Moving New York City Forward in 2014 (and Beyond)

I spent the greater part of Monday at Moving New York City Forward in 2014 and Beyond, a conference organized by New York City Council Member Brad Lander and Professor John Mollenkopf, the director of the Center for Urban Research at CUNY's Graduate Center.  The goal of the conference was to help flesh out a progressive government agenda for New York that focuses in particular on the problem of inequality.

I found it a mostly stimulating event.  There was a palpable buzz of excitement in the air about Bill de Blasio's victory last week in the New York City mayor's race.  While I worry that no mayor on earth will be able to meet the expectations that de Blasio has engendered among the advocates, academics, foundation executives, union officials, and non-profit leaders who made up the bulk of the attendees at the conference, I think he has already done something positive by sparking conversations like the one on Monday, which touched on issues of employment, education, and neighborhood development in a searching and thoughtful manner.

I spoke on a panel about participatory government.  While I talked mostly about the Center for Court Innovation's approach to partnering with government, I couldn't resist saying a few words about the National Center for State Courts' evaluation of the Red Hook Community Justice Center, which was formally released to the world yesterday.  (The photo above is taken from the groundbreaking ceremony in Red Hook.  Note the broken windows behind the dignitaries.)  Happily, the study documents that the Justice Center has largely succeeded in accomplishing its three primary goals: reducing reoffending, cutting the use of jail, and improving court-community relations.  The authors of the study argue that the active ingredient at Red Hook was procedural justice -- that by improving defendants' perceptions of the justice system, the Justice Center helped encourage compliance with the law and positive social norms.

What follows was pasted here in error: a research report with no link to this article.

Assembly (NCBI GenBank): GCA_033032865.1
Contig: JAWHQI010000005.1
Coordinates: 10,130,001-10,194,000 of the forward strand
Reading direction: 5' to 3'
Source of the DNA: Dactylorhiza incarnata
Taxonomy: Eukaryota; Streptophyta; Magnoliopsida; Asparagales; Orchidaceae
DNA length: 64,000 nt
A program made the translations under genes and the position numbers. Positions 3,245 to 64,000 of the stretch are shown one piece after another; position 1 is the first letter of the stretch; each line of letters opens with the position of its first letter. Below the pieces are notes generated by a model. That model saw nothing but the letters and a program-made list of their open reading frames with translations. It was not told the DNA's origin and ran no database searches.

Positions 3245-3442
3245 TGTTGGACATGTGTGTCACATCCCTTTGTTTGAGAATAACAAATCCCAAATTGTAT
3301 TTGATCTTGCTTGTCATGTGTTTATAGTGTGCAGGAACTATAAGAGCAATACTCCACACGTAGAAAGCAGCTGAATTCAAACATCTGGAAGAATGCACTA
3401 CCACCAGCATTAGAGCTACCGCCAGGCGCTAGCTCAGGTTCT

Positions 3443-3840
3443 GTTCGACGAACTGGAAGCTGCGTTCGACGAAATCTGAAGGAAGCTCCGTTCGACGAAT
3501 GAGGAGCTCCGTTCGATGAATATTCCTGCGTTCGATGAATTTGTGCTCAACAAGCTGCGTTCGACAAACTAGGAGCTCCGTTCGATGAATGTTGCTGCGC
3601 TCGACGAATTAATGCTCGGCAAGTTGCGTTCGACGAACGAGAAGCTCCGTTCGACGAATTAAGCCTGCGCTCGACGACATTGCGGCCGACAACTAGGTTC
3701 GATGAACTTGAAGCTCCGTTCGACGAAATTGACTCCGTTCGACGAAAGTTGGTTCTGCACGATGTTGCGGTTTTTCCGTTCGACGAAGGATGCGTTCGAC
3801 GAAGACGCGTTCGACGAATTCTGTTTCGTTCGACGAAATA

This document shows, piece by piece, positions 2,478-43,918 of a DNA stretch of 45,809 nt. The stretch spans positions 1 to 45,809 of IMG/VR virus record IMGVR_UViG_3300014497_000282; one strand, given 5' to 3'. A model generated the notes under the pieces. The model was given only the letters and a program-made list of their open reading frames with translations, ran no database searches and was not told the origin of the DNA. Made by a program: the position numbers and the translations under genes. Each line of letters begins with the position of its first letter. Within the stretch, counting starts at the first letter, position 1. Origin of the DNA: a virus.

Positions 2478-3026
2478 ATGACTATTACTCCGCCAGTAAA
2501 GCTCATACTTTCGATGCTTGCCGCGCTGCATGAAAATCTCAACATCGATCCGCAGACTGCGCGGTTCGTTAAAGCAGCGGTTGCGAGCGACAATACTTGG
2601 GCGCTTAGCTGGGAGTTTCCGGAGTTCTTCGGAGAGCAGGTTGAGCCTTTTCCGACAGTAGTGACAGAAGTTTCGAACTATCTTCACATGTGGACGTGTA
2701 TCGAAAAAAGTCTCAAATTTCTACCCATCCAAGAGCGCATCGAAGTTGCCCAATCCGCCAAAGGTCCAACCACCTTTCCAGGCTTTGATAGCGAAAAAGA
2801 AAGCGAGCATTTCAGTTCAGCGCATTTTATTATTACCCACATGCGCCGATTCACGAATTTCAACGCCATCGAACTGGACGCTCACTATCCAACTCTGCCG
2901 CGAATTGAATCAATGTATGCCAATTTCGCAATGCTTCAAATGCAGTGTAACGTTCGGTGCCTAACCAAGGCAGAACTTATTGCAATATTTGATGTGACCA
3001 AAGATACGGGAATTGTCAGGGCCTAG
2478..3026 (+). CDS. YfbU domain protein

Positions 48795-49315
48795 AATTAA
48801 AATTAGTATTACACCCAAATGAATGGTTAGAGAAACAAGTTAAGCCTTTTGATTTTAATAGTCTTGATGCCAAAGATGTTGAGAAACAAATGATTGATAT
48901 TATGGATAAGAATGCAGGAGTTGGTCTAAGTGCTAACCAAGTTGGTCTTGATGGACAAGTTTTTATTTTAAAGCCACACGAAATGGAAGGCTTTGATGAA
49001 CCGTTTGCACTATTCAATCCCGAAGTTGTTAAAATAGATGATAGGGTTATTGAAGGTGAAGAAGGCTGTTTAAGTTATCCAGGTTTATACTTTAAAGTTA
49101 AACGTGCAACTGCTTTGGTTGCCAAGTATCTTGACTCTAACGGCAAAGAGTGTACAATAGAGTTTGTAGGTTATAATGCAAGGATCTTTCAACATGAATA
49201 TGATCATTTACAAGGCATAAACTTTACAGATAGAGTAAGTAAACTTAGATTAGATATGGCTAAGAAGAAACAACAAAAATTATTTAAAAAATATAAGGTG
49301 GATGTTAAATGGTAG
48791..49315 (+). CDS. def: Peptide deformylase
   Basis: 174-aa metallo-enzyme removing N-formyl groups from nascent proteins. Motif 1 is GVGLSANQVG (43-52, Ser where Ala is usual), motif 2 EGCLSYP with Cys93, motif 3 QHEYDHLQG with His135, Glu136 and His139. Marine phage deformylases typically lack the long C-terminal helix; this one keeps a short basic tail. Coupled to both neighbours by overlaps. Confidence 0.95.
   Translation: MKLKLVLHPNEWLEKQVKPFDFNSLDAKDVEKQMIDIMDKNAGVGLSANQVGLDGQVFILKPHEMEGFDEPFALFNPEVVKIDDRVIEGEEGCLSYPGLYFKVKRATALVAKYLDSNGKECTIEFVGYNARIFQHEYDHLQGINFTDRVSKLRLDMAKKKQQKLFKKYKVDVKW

Unusually for us, we are going to spend a couple of weeks intensively trying to spread the word about the Red Hook results.  Our motives are both mercenary and altruistic.  I think the results are obviously good for the Center for Court Innovation -- we helped to conceive, plan, and implement a project that has achieved some difficult goals and we are proud of that.  But I also think that these results offer important ammunition for those of us (and we are hardly alone in this) who care about making the system more fair, both in reality and in perception.  I hope this study will encourage courts and other criminal justice agencies to take a long hard look at how they work with individuals -- be they victims, witnesses, probationers, parolees, or defendants -- and think about how they can serve the public better.  I also hope this study will offer food for thought for those who end up staffing the de Blasio administration, encouraging them to invest in community justice and meaningful alternatives to incarceration.

Here are a couple of links to early press coverage of the study:

Huffington Post: Perceptions Matter -- A Roadmap to Reducing Crime

New York Daily News: Red Hook Community Court Is a Success

Popular Posts